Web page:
Allied tells the story of an intelligence officer in North Africa in 1942 encounters a female French Resistance fighter on a deadly mission behind enemy lines. When they reunite in London, their relationship is tested by the pressures of war.
This is a film that has received mixed reactions no matter where you look for advice on wether or not you should see this film. Let me help you with that — don’t see it. If you still go ahead with this and continue to see the film, you might understand this mixed reaction. Allied is not a bad film, per say, as screenwriter Steven Knight has some really amazing work under his belt like television show Peaky Blinders, which in my view is the better British version of Boardwalk Empire, single location film starring Tom Hardy in Locke, light hearted The Hundred Foot Journey, and small indie film Dirty Pretty Things. Much like Burnt, Allied suffers from failing to be a lot more then the trailer promised it to be, which was something that would be more epically moving and thrilling and focusing on the tension of finding out that the partner you’d married and started a family with is a German spy. To be honest, this is what drew me into the project and ultimately disappointed me in the end.
Don’t get me wrong, Allied has a visually stunning aesthetic that portrayed the period it was set in but that is not good enough without a decent script and that’s what failed this film in the end. Sure there are some great moments with beautifully intimate scenes but the ending seemed to draw heavy comparisons to Casablanca and the controversial ending did absolutely nothing for me. I absolutely hated it.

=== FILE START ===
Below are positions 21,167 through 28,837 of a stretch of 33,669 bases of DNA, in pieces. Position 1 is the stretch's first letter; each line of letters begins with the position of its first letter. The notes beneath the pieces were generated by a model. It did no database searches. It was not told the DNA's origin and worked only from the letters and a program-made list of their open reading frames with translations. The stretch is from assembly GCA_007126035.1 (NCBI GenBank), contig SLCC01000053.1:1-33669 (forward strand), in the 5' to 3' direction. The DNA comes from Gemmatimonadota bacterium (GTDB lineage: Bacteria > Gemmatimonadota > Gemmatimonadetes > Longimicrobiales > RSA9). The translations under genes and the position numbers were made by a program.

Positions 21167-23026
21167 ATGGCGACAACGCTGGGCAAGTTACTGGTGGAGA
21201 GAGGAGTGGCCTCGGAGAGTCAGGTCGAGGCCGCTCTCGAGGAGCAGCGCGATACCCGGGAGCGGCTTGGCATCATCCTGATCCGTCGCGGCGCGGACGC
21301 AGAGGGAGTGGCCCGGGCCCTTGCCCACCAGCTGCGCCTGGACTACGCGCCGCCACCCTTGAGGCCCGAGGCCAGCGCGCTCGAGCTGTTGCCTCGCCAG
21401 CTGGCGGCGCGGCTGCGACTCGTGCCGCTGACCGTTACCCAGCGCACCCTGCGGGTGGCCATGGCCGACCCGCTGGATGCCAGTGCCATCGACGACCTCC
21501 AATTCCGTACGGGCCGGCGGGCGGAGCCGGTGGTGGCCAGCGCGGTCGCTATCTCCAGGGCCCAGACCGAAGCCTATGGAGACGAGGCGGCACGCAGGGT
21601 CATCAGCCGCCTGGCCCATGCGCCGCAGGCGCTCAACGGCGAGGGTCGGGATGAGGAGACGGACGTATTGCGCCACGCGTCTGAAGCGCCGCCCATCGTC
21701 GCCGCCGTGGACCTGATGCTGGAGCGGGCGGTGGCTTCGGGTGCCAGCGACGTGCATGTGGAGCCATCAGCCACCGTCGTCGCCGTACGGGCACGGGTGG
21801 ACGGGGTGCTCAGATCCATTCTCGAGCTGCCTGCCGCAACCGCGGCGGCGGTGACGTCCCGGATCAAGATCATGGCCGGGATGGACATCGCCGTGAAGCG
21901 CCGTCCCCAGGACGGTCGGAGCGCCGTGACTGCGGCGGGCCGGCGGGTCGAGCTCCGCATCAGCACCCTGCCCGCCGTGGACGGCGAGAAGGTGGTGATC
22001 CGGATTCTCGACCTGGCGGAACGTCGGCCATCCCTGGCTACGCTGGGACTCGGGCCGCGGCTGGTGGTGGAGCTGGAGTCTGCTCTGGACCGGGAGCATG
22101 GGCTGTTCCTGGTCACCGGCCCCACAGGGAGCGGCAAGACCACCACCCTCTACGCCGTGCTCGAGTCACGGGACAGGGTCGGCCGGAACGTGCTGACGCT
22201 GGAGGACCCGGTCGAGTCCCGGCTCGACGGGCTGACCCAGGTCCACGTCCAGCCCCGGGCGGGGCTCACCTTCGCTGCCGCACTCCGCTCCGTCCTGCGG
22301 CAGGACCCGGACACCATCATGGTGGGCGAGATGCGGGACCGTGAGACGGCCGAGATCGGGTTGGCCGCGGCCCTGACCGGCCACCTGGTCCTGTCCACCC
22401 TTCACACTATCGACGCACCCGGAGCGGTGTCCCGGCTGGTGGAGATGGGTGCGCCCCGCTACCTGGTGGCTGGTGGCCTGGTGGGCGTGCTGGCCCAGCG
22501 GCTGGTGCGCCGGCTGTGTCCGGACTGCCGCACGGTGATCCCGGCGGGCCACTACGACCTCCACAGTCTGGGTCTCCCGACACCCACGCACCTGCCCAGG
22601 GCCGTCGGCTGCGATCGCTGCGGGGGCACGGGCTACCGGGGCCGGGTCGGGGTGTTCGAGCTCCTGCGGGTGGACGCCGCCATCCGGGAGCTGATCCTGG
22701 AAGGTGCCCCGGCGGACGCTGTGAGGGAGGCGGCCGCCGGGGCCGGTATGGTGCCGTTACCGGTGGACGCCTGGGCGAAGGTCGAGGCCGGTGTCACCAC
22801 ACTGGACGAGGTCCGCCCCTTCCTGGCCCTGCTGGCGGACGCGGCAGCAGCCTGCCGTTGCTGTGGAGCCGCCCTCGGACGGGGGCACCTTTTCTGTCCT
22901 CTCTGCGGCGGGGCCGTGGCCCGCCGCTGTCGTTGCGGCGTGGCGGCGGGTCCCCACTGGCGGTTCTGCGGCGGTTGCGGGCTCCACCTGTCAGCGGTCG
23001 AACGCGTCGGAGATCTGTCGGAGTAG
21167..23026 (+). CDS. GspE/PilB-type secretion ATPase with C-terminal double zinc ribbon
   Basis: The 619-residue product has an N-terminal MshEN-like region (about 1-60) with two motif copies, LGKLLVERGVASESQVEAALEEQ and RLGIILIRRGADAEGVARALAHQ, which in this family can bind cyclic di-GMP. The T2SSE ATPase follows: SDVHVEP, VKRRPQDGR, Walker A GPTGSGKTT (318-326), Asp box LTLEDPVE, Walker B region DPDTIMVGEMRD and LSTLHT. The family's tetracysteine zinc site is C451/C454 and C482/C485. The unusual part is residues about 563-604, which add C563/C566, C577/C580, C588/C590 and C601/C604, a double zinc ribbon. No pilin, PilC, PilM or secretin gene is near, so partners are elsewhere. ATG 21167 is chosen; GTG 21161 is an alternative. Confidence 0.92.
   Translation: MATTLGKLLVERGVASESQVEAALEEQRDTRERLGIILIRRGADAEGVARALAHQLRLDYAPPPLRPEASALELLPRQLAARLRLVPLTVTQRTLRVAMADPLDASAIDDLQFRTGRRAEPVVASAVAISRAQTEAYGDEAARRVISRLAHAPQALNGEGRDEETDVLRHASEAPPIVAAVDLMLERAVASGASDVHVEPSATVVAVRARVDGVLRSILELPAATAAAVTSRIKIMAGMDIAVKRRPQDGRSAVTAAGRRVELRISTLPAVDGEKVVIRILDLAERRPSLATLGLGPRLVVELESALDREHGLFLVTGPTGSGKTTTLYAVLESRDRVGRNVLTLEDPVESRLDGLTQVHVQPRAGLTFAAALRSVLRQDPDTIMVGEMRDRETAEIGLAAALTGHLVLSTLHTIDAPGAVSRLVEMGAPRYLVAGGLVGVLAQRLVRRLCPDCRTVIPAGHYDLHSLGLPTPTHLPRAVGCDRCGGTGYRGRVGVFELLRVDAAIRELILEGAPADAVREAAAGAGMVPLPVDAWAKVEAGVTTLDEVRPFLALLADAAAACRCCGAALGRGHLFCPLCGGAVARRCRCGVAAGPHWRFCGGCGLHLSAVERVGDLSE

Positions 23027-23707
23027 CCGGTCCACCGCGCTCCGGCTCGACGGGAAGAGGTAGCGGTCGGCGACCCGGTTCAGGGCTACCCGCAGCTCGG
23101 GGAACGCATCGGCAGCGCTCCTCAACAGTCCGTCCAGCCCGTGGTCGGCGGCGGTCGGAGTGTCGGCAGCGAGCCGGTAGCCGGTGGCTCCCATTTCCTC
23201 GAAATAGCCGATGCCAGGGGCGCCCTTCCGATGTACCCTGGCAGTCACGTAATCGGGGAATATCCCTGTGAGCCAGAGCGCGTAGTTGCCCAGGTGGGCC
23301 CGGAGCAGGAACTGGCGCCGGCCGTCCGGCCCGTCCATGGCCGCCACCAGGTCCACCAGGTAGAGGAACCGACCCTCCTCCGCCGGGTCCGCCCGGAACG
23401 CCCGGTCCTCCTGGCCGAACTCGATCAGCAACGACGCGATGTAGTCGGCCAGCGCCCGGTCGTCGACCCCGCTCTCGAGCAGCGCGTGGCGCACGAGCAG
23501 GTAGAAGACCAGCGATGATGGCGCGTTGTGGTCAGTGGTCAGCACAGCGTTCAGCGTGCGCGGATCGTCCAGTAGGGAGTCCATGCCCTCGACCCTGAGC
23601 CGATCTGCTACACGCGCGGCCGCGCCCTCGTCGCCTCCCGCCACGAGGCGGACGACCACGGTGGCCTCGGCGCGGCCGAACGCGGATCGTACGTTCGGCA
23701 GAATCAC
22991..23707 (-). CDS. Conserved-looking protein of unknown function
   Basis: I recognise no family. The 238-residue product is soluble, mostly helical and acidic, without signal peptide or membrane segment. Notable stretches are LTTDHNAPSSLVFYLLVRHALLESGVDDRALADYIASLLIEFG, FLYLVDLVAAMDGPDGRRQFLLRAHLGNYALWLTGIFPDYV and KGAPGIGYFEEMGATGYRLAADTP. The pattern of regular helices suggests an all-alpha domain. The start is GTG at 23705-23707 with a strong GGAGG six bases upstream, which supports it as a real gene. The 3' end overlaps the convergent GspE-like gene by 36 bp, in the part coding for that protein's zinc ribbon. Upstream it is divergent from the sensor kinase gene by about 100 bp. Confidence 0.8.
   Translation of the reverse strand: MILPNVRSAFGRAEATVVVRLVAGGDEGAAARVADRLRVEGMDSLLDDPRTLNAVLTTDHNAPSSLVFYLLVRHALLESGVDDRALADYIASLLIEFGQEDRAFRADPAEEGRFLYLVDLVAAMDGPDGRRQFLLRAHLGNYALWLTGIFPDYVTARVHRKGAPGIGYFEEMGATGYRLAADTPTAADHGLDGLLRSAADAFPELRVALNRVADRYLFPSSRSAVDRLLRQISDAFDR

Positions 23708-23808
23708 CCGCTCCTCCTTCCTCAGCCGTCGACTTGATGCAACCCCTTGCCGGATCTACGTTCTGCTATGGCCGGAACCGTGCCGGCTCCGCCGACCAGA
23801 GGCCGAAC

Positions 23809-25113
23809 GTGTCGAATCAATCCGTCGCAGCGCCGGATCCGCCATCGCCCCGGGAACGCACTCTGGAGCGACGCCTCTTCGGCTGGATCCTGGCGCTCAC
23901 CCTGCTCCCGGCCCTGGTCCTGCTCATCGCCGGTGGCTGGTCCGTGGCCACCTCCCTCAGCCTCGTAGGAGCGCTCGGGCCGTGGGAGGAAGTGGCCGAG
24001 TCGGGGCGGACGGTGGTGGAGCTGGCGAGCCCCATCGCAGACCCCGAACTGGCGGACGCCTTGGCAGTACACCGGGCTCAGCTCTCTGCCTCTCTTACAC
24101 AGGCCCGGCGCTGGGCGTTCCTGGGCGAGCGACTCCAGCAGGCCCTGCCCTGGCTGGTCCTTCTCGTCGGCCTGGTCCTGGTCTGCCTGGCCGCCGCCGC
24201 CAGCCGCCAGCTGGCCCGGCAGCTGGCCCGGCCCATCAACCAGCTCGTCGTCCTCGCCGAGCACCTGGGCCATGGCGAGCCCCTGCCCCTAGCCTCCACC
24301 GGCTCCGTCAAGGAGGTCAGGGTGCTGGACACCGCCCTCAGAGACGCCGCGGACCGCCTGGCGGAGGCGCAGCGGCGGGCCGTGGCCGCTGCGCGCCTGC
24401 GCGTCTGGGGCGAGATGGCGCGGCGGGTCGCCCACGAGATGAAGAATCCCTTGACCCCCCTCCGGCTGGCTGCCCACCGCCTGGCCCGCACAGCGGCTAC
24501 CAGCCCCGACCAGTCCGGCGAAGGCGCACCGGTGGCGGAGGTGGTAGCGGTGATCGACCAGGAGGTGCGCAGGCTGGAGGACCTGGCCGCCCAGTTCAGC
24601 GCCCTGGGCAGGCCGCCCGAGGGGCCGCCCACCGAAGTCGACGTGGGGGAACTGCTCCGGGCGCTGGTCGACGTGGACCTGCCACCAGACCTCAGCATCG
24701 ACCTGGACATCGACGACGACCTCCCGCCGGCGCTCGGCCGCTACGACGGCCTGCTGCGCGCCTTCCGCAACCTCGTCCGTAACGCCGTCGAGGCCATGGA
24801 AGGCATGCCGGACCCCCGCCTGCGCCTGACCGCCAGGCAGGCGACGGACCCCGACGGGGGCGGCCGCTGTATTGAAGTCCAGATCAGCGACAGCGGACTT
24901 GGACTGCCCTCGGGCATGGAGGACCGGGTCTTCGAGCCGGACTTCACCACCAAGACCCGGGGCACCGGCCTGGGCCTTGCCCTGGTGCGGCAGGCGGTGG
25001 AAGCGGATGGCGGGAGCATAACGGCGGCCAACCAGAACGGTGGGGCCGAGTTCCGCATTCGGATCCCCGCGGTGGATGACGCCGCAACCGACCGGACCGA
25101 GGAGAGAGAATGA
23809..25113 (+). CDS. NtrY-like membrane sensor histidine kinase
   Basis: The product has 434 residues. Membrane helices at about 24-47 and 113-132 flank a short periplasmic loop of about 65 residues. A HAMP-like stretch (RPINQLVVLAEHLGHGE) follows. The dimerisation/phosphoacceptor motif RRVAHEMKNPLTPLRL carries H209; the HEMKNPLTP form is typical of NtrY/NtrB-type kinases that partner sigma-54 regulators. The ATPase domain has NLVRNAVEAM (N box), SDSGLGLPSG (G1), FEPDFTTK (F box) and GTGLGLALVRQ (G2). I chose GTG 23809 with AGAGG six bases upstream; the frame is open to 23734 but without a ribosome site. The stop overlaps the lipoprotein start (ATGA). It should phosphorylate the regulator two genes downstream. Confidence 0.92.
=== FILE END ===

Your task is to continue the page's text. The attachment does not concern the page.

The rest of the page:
The screenplay and pacing was uneven as it clearly lacked plausibility in places, especially when the missions were concerned. It seemed overly padded because the writer, Steven Knight, didn’t know what to do with the idea that he’d come up with and failed to properly flesh out what could’ve been an extremely interesting and edge of your seat thriller. If there’d only been more focus on the lead’s relationship, there might have been more something more there then overlong scenes that adds little to nothing to the film. The emotional scenes were overdramatic and lacked the subtlety needed. So much more could’ve been done and I think that’s what frustrated me the most.
Allied’s superfluous scenes pulled the film back from what it could become. It has the inklings of what could make it a great film but many things got in the way of fulfilling it’s goal.